The Coen brothers' origins shape <em>A Serious Man</em>, starring Michael Stuhlbarg (right).

Actor Michael Stuhlbarg was going about his business, carving out a sturdy reputation for himself in theater and scoring various roles in television and indie films. Suddenly, the game changed, thanks to the Brothers Coen. Those legendary filmmakers caught Stuhlbarg, sighted in a children’s theater setting in N.Y.C., and saw in him the perfect actor for A Serious Man, their seriously fine dark comedy about a midlife-crisis-ized Jewish man in Minnesota in the late ’60s.

The Coens were right: it’s hard to imagine a more ideal actor for the gig. At 41, Stuhlbarg officially has made the leap into public consciousness and award season graces, and is a logical choice for the festival’s Chopin Virtuoso Awards. Stuhlbarg grew up in Long Beach, but has lived in New York City since 1988, and now anxiously awaits the next phase of a career, which has shifted into a whole other gear. He spoke from that precipice over the phone from home last week.

A Serious Man is a quirky delight, like virtually every Coen brothers movie, yet in another new direction. Has this experience launched you into a whole other level of public attention? These things come and go, in terms of what the public attention is. But I think in some ways, it has opened a number of doors for me, in terms of people knowing who I am. Probably more people have seen this movie than have ever seen me onstage, in the 30 years I’ve been acting. If you think of it that way, I guess it has opened a number of doors.

You play Larry as this strongly fitful and neurotic figure, but really, he has come to this place in his life where everything seems to be coming apart. It’s not that he’s that way by nature. No. I think he probably was level-headed and patient, and enjoyed his work and enjoyed his family. And then the rug gets pulled out from under him.

Did you have any personal memories to draw on from your own background for this characterization? Or was it completely different? No, I wouldn’t say completely different. I went to a Reform Jewish Synagogue growing up. … Some of the characters who peopled the film resonated with me, in terms of the people who I knew in my synagogue. The woman with the teacup, who waddles into the principal’s office, reminded me of a woman in my synagogue. The cinderblock rooms in which the classes took place reminded me of the Jewish Community Center where I spent a lot of time when I was a kid. So there were a lot of things that I found to be very familiar. And yet, at the same time, it was also a uniquely Midwestern story, as well.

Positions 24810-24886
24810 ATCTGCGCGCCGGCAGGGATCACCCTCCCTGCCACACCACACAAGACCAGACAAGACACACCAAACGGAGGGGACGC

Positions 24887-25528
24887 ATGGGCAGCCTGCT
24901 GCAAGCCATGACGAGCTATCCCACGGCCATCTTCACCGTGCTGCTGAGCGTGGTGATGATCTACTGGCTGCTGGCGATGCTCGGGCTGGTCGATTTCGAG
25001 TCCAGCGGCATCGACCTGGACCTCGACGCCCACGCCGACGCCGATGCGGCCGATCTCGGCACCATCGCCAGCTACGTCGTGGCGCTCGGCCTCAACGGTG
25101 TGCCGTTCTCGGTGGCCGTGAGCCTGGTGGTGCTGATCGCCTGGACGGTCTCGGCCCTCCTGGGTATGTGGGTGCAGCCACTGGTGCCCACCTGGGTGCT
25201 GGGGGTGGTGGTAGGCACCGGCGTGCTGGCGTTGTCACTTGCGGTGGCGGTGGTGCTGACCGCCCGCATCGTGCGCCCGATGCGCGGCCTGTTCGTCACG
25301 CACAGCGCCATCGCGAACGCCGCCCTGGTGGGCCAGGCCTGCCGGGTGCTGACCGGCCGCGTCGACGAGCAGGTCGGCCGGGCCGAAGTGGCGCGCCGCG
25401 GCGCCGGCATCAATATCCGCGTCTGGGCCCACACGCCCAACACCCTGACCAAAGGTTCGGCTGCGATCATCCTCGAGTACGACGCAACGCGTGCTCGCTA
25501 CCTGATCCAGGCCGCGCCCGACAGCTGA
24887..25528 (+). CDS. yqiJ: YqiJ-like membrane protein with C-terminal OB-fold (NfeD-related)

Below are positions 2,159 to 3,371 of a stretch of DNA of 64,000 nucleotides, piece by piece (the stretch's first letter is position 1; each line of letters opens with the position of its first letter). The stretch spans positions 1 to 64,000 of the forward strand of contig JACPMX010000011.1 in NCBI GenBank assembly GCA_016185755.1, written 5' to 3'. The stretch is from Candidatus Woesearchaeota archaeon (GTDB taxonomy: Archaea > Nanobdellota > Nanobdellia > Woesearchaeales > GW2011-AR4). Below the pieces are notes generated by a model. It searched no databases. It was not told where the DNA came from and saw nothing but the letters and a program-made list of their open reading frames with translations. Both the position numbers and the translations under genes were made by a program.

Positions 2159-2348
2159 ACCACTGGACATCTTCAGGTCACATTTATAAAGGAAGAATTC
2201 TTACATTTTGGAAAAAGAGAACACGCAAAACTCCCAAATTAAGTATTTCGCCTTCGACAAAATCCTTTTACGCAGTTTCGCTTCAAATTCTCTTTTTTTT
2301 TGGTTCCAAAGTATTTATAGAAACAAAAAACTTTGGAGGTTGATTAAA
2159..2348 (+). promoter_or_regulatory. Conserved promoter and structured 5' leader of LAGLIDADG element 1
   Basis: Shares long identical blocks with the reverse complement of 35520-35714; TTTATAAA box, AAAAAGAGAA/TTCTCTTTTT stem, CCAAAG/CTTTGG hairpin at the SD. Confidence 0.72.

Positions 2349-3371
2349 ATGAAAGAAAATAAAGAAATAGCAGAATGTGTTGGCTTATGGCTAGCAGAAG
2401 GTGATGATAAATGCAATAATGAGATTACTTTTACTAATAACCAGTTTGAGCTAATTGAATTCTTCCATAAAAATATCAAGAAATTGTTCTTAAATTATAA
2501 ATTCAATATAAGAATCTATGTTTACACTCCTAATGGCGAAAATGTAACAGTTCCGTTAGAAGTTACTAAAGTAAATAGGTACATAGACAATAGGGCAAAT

It’s hard to think of many other American films with such a strong focus on Jewish life and its particulars. Do you think that helped or hindered the box office factor, or both? I think this film, thus far, has had a pretty successful run, considering that there are very few big name stars in it. Had [there been] more famous people, perhaps more people would see it. I don’t know. [Laughs.] I think Joel and Ethan didn’t care. … You can go to see a big star do a turn as a particular character, but you’re always aware that it’s that particular person. In this case, by handing a number of these parts to unfamiliar faces, it allows the audience to actually pay attention to strangers and to perhaps believe that they are who they are playing, in a different way than when they go to see Burn After Reading, for instance.

You’ve done a lot of work in theater and television, and some film. Are you now tilting more toward the film realm? I think it really depends upon what opportunities come my way. I just throw myself out there and see what sticks. During the last couple of years, it has been a fascinating journey. I have been breaking more into film. I’ve had the chance to work with Ridley Scott [in Body of Lies] and a couple of other great independent films—this film Cold Souls and Afterschool, Antonio Campos’s film. Then this film came along and HBO’s Boardwalk Empire. So it has been a lot of being in front of a camera for me.

Do you feel like you’re now in the Coen universe? Well, in some ways I am. I hope to get a chance to work with them again. I’d love for them to throw me another curveball.

So there is no A Serious Man, Part Two in the works? [Laughs.] Well, they left it open, so who knows?


Michael Stuhlbarg—along with Emily Blunt, Carey Mulligan, Saoirse Ronan, and Gabourey Sidibe—will be honored with the Chopin Virtuosos Award on Sunday, February 7, at the Lobero Theatre (33 E. Canon Perdido St.).


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